How the government stole $4.8 trillion from truck drivers

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Updated Jun 14, 2022

Throughout our lives we rely on a multitude of goods and services to prosper as individuals and collectively as a nation, and no industry is more central to that story than trucking.  

Today, America's trucking industry is the lifeblood of the U.S. economy and central to our way of life. In fact, nearly every good consumed in the U.S. is put on a truck at some point. As a result, the trucking industry hauls 72% of all freight transported in the United States. As a whole, the trucking industry is a more than $700 billion industry, representing 80% of the nation’s freight bill.   

When President Franklin D. Roosevelt signed the Fair Labor Standards Act (FLSA) in 1938, the economy was recovering from the effects of a severe depression. For decades prior, many organizations and individuals believed that by setting “a floor under wages,” and a “ceiling over hours” that would curb or eliminate unfavorable labor conditions. Even though the FLSA guaranteed overtime pay to many workers, the same law has a motor carrier exemption, which says “any employee with respect to whom the Secretary of Transportation has the power to establish qualifications and maximum hours” is not guaranteed overtime pay.

[Related: Legislation to remove overtime-pay exemption for employee drivers follows DOT action item]

According to ZipRecruiter, as of May 2022, the average annual pay for a truck driver in the United States is $51,910 a year. That works out to $24.96 per hour.  But ZipRecruiter’s math is just as flawed as the exemption, as the $51,910 figure assumes only 2,080 hours worked during the year, which is an all-inclusive 52-week year at 40 hours per week.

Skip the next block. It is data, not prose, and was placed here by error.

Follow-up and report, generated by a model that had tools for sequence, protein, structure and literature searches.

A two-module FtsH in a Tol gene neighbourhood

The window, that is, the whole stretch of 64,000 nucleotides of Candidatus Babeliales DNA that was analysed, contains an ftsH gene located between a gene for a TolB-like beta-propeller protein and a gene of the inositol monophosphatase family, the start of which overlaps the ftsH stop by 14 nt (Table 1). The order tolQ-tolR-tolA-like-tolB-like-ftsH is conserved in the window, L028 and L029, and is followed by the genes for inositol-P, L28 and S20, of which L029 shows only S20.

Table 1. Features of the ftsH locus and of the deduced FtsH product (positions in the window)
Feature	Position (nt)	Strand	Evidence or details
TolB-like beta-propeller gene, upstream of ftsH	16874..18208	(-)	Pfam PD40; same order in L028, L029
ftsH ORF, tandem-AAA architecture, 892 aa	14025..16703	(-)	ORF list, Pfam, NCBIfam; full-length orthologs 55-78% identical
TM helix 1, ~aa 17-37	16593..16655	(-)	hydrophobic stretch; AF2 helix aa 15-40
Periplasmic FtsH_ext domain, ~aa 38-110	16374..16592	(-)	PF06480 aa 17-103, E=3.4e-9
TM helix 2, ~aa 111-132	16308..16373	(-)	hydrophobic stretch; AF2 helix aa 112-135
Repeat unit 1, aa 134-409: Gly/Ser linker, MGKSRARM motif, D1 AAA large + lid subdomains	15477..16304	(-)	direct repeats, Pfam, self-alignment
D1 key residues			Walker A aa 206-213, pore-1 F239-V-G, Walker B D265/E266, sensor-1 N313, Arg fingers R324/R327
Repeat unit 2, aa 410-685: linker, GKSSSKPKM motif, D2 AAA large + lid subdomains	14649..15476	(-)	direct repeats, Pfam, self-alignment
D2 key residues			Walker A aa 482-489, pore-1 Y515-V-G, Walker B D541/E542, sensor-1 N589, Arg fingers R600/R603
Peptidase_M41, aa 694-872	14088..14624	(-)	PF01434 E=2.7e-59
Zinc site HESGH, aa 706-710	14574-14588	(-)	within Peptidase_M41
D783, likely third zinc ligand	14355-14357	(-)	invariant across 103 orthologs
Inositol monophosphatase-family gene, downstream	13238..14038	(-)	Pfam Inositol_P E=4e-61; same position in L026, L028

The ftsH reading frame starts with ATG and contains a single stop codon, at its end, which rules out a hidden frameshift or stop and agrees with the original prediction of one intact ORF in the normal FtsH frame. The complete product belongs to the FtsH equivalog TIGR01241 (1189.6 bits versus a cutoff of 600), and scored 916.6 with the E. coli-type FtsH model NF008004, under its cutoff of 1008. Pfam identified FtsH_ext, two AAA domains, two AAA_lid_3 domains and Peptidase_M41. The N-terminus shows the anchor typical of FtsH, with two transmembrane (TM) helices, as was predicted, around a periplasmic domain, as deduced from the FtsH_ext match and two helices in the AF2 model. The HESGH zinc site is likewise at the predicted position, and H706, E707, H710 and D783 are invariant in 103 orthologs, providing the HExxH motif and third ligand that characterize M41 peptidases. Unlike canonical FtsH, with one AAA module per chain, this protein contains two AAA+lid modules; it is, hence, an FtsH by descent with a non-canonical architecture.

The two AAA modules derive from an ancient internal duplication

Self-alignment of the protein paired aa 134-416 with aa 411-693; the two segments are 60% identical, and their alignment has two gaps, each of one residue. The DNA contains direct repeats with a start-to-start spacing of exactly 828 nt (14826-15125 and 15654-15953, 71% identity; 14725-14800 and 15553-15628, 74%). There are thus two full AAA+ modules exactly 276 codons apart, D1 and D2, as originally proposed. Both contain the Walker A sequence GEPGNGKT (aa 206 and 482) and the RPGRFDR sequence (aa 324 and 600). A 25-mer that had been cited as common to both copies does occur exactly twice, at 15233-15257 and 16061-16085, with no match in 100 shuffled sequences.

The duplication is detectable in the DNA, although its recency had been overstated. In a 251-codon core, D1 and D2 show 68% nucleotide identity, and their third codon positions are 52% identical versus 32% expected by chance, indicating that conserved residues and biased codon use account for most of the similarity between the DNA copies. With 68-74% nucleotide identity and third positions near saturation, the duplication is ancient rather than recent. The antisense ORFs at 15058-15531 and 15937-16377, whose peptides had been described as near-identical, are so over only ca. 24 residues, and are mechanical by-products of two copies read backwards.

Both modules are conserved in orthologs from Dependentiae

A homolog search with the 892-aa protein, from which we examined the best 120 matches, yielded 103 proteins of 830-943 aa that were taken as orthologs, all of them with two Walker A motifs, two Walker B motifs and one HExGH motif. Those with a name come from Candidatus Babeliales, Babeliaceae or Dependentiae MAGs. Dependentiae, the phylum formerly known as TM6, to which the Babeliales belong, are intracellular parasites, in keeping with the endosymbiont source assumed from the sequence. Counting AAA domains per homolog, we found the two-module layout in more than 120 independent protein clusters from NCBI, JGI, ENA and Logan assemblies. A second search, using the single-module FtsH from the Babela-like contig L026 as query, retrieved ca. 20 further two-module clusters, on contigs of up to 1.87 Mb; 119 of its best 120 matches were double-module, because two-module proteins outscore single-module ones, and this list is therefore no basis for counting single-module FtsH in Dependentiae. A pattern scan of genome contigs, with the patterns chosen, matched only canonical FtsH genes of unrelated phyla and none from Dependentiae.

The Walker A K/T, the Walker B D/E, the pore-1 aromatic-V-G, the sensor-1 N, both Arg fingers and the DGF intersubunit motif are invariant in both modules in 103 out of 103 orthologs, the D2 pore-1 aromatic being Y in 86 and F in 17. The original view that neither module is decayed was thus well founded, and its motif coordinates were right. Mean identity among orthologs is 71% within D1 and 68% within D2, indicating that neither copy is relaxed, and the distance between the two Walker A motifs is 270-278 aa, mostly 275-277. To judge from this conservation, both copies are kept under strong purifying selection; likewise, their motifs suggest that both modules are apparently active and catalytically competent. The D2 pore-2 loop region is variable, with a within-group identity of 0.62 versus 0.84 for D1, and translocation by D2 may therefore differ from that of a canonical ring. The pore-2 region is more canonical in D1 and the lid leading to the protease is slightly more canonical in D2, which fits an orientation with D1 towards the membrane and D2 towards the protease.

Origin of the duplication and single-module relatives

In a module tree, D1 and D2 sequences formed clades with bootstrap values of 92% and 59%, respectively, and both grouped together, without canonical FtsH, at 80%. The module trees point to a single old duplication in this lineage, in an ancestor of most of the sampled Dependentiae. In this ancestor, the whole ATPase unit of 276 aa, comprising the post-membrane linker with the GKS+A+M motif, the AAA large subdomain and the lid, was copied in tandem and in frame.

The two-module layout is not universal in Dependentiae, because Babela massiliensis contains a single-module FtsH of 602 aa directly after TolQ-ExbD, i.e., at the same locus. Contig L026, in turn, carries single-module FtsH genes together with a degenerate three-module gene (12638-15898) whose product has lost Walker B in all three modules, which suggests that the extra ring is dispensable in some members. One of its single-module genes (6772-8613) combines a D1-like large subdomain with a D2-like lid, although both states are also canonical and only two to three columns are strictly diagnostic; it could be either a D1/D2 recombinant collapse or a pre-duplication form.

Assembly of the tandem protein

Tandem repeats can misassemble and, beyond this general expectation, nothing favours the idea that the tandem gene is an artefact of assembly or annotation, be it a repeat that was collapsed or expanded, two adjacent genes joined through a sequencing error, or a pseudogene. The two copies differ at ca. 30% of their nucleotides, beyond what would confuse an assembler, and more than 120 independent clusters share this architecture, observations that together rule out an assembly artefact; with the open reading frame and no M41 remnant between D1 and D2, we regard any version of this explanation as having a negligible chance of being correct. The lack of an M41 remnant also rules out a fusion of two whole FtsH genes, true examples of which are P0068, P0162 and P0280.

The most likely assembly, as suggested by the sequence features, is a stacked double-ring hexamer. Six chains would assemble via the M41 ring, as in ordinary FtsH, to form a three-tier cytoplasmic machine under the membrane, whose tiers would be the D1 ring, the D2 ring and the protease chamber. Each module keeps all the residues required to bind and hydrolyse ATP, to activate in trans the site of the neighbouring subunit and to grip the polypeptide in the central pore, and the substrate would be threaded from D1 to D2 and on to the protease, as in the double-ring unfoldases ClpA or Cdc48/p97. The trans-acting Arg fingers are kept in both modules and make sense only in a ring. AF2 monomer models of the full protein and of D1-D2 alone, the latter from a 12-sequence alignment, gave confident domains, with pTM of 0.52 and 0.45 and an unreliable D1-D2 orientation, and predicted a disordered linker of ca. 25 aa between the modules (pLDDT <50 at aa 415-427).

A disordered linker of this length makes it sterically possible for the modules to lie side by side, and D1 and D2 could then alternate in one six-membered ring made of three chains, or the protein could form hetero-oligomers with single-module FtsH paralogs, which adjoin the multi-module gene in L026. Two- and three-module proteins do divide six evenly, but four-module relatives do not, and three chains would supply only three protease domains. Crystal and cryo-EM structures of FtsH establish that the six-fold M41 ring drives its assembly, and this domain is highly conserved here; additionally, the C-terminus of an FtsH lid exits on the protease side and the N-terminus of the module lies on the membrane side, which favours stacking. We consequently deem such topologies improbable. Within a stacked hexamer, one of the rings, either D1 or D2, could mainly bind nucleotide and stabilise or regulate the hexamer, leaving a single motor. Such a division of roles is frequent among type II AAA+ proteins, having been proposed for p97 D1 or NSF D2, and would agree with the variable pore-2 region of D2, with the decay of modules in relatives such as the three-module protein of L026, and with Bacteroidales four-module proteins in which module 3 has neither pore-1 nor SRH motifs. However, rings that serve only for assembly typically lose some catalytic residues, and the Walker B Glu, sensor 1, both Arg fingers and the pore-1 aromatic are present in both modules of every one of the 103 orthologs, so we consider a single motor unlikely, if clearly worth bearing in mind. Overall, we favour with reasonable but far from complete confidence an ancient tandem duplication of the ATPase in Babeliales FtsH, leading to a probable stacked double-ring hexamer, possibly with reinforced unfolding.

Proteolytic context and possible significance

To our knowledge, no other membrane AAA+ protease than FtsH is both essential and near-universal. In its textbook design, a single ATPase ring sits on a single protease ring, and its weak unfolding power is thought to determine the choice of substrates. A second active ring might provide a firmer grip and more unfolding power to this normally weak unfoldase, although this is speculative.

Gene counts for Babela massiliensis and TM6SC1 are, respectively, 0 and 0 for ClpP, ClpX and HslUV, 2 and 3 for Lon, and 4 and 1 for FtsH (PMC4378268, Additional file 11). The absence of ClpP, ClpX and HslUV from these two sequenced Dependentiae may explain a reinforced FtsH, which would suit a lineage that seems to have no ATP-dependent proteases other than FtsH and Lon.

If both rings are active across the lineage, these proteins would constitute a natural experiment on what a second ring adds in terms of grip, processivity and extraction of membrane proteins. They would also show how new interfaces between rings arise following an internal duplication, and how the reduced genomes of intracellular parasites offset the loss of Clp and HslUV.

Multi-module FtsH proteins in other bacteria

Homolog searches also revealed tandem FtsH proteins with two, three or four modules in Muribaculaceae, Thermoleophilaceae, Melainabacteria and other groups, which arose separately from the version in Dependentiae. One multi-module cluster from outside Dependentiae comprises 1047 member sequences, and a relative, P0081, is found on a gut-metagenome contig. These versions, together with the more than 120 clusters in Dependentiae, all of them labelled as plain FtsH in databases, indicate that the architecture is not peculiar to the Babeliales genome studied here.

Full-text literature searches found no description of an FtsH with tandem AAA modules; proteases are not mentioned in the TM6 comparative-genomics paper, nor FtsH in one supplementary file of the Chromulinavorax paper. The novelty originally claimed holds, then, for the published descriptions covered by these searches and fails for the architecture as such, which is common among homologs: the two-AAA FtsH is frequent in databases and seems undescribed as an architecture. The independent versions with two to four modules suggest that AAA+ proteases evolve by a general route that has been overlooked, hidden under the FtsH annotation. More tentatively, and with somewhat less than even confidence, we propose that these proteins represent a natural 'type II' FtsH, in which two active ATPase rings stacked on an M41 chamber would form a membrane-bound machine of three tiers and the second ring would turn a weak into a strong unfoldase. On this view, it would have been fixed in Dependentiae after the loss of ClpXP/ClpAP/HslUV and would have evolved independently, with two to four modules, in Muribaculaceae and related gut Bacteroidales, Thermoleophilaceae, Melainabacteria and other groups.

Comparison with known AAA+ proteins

When a driver works 70 hours in eight days as per hours of service rules (assuming two weeks off annually) that driver is actually working 3,071 hours, which reduces their hourly rate to $16.90.  Still, that calculation also assumes that there is no unpaid working time, which is a completely false proposition. Finally, when fully accounted, drivers’ wages fail to even meet a $15 per hour minimum wage.

Since Congress passed the FLSA in 1938 that ended the requirement for overtime pay differentials for truck drivers for all hours worked beyond 40 hours per work week, we have effectively subsidized transportation costs at the sole detriment of truck drivers’ earnings. The easy, economically viable and socially equitable solution is to eliminate the overtime pay exemption under the FLSA. 

Using the example above, the same company driver who worked 3,071 hours in a year at the $24.96 hourly rate that ZipRecruiter touts for the industry average would bolster their income by an average of $38,100 annually to $90,000 when paid for all hours on the job plus overtime for hours worked beyond 40 hours per week, much more commensurate with the year-and-a-half’s hours worked, the important “semi-skilled” level of responsibility, and the living conditions endured.  

Taking in their entirety since the FLSA’s 1938 enactment, the industry has usurped $4.8 trillion in today’s dollars from the hard-working drivers’ pocket – $95 billion of income each year that could be injected into the economy at a grassroots level that would broadly boost the economy.

Ironically, some fleets crying about a “driver shortage” are the very same ones who asked for the overtime pay exemption, citing the difficulty in paying drivers for inclement weather, traffic or accident delays, truck breakdowns, detention delays at shippers and consignees, fuel-ups, maintenance, and so on, and built their business model on a piece-meal pay-per-mile basis. As a result, when the vehicle must slow for traffic accidents or congestion, inclement weather conditions, chaining-up, maintenance, dock detention, etc., as long as the vehicle progresses slowly or not at all, the driver bears the cost. Because “when the wheels ain’t turnin’, the driver ain’t earnin’,” there is no value attributed to the driver’s working time – not driving time – and time is the one precious commodity that once it's gone, it's gone forever. 

However, the implementation of electronic logging devices, which track the vehicle and hours of service by the second, has solved the difficulty of calculating drivers’ working hours. If there really was a shortage of 80,000 drivers, then microeconomics’ supply-demand fundamentals would dictate that the price of labor needs to increase to match the constrained labor supply. All of the conditions precedent to the exemption have been satisfied, making its continued industry practice by carriers and financial injury upon drivers usurious.